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Differential Equations of My Young Years

Vladimir Maz'ya
Publisher: 
Birkhäuser
Publication Date: 
2014
Number of Pages: 
191
Format: 
Hardcover
Price: 
34.99
ISBN: 
9783319018089
Category: 
General
[Reviewed by
Tom Schulte
, on
11/29/2014
]

The achievements of Russian-Jewish mathematician Vladimir Maz’ya in analysis and the theory of partial differential equations, including work on Sobolev spaces and counterexamples related to Hilbert’s 19th and 20th Problems, are documented in Wikipedia and demonstrated by his own published output. Such fundamental contributions are only alluded to in this autobiography, and then only cursorily and humbly. This work, translated from the Russian original, is an account of Maz’ya’s first three decades. It is a witty and humorous recollection of a life: from survivor in Stalinist Russia to becoming an academic in the anti-intellectual environment of Khrushchev’s Russia. Politics is purposefully set aside to instead see Leningrad and the disruption of World War II from a child’s eyes, and the story continues from there with life as Maz’ya remembers it.

What Maz’ya recalls includes his participation and involvement in performing arts (opera and piano), friends and fellow luminaries (some contribute their own memories), avid reading, and life under Communism. The final pages, following the travails and triumphs of graduate study and integration into the professional community, touches on some of Maz’ya’s success in mathematics. This includes some comments on his work in the theory of Sobolev spaces and his approach to Hilbert’s 19th Problem. A rich trove of photographs liven the text and also make this a brisk read. Maz’ya mentions and recommends many works of literature and art. Unfortunately, the translation of many is a near miss, as in “The Cat and the Owl” for Edward Lear’s “The Owl and the Pussycat”.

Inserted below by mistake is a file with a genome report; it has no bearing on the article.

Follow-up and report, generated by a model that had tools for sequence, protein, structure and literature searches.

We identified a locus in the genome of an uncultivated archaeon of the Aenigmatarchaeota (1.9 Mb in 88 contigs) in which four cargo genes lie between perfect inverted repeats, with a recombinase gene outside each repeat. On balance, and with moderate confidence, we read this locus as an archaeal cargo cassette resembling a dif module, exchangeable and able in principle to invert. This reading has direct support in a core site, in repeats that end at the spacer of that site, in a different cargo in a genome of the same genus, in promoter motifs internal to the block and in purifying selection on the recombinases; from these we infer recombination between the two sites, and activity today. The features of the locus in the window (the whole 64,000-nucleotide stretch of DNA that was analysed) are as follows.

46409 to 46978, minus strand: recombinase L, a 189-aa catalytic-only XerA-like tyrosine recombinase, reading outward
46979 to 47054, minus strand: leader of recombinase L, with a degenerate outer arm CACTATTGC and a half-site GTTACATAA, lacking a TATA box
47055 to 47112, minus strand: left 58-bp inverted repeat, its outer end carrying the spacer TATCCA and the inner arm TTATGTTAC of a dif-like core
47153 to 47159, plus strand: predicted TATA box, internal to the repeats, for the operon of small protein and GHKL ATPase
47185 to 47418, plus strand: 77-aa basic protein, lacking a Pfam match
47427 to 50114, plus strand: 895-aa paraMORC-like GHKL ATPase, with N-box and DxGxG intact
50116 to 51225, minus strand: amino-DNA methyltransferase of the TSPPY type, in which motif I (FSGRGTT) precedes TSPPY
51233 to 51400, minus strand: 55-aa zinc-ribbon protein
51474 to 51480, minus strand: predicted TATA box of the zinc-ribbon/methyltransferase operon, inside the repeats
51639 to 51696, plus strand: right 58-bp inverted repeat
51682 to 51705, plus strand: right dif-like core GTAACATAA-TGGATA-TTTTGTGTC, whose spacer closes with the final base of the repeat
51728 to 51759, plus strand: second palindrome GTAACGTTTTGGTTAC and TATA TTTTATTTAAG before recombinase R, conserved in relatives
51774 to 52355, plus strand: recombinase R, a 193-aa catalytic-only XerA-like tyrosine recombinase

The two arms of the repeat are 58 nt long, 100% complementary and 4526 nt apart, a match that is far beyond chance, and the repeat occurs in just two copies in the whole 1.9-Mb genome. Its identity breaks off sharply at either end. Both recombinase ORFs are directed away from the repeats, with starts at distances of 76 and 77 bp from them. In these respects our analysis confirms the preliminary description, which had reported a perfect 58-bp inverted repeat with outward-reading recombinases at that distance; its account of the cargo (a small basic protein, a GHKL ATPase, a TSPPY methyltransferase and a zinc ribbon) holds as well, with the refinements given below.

Maz’ya’s recollections map a personal landscape of hopes realized and sorrows endured and makes for a vivid picture of these times and this largely closed country. This memoir should be of interest to those looking for insight into daily life in Soviet Russia, especially life for Jewish families, as much if not more so than to learn about the author’s career as a mathematician.


Tom Schulte keeps alive the passions of his young years: mathematics, music, and massive piles of books being read and to be read.

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